illness in which live bacterial pathogens in food and water are ingested and subsequently grow in the body, for example salmonellosis, shigellosis, and cholera


Staphylococcal food poisoning

intoxication disease

causative agent: Staphylococcus aureus

transmission: Foodborne from improperly handled or stored

toxin involved: enterotoxin

symptoms: abdominal cramps, nausea, vomiting, prostration, and diarrhea

treatment: none, recovery is rapid and complete in 1 to 2 days

prevention: practicing good hand hygiene and avoiding suspected foods

the incubation period is a brief 1 to 6 hours


Clostridial food poisoning

intoxication disease

causative agent: Clostridium perfingens

transmission: Foodborne from protein-rich foods inproperly handled or stored

toxin involved: enterotoxin

symptoms: severe abdominal cramping and watery diarrhea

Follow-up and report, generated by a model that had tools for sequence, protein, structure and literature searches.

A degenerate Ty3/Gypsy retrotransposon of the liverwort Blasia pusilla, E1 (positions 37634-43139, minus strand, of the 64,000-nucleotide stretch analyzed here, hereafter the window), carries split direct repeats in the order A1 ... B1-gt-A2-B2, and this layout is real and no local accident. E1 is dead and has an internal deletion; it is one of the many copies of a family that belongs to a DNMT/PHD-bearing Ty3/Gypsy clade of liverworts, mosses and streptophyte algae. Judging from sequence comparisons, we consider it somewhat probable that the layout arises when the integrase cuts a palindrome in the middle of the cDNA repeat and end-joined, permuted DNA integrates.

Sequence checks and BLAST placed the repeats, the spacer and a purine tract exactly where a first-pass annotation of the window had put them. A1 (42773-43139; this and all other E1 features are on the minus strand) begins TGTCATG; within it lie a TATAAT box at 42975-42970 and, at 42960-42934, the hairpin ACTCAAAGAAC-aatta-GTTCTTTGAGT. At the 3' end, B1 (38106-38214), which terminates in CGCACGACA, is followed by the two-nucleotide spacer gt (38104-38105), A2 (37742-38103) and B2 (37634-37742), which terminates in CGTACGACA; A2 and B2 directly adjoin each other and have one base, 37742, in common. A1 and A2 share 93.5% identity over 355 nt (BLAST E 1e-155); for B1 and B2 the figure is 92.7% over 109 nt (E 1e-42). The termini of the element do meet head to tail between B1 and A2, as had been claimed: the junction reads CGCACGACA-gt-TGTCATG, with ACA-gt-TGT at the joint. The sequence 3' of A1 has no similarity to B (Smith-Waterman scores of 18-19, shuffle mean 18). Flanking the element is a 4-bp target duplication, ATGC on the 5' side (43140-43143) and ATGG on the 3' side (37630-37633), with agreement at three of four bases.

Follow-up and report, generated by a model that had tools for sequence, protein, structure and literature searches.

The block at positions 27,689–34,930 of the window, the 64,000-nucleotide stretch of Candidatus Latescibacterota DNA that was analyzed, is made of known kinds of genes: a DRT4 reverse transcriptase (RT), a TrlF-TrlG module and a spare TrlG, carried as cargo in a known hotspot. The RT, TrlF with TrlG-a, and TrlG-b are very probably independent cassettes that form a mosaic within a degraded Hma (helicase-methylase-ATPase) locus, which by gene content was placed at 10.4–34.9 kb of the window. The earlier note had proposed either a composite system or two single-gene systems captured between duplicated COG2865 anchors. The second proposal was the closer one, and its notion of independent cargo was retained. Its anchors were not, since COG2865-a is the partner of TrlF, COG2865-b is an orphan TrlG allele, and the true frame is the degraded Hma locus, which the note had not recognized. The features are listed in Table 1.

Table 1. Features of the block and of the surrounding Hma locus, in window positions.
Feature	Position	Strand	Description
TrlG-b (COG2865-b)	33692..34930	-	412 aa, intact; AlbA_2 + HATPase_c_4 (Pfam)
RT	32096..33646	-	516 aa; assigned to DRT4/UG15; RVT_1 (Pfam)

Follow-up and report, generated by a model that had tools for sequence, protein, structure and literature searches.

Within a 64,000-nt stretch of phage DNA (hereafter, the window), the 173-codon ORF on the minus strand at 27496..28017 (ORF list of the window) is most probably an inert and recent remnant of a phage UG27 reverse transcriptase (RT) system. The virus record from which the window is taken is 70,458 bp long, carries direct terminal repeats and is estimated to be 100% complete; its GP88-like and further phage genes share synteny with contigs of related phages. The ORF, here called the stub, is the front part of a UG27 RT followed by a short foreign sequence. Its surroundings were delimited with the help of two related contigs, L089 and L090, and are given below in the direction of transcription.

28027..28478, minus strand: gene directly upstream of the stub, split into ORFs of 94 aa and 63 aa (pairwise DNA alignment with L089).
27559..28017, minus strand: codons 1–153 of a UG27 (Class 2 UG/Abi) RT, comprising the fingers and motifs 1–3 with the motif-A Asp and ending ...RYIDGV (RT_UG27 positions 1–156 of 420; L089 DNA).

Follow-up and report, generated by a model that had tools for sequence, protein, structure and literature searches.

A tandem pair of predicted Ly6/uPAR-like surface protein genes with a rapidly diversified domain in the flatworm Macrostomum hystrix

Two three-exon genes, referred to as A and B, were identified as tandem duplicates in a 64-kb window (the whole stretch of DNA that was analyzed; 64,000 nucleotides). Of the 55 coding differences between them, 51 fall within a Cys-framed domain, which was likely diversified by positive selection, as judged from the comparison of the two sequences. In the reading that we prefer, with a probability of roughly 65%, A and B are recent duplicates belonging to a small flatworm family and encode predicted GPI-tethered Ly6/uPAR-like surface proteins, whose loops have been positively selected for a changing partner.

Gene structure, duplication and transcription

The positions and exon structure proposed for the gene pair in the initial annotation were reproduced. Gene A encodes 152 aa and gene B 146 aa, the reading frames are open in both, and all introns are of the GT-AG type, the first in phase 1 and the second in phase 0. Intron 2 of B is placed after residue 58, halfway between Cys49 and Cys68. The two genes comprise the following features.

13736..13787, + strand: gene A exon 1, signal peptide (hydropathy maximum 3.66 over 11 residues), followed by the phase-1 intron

treatment: recovery is rapid, often within 1 to 2 days, and antibiotic therapy is generally unnecessary

prevention: practicing good hand hygiene and avoiding infected foods

the incubation period is 8 to 24 hours


Gas gangrene

Intoxication disease

causative agent: Clostridium perfingens

transmission: through severe open wounds

toxins involved: exotoxins

symptoms: foul odor, and intense pain and swelling at the would site; initially the site turns a dull red, then green and finally a blue-black

treatment: antibiotics as well as debridement, amputation, or exposure in a hyperbartic oxygen chamber



Intoxication disease

causative agent: Clostridium botulinum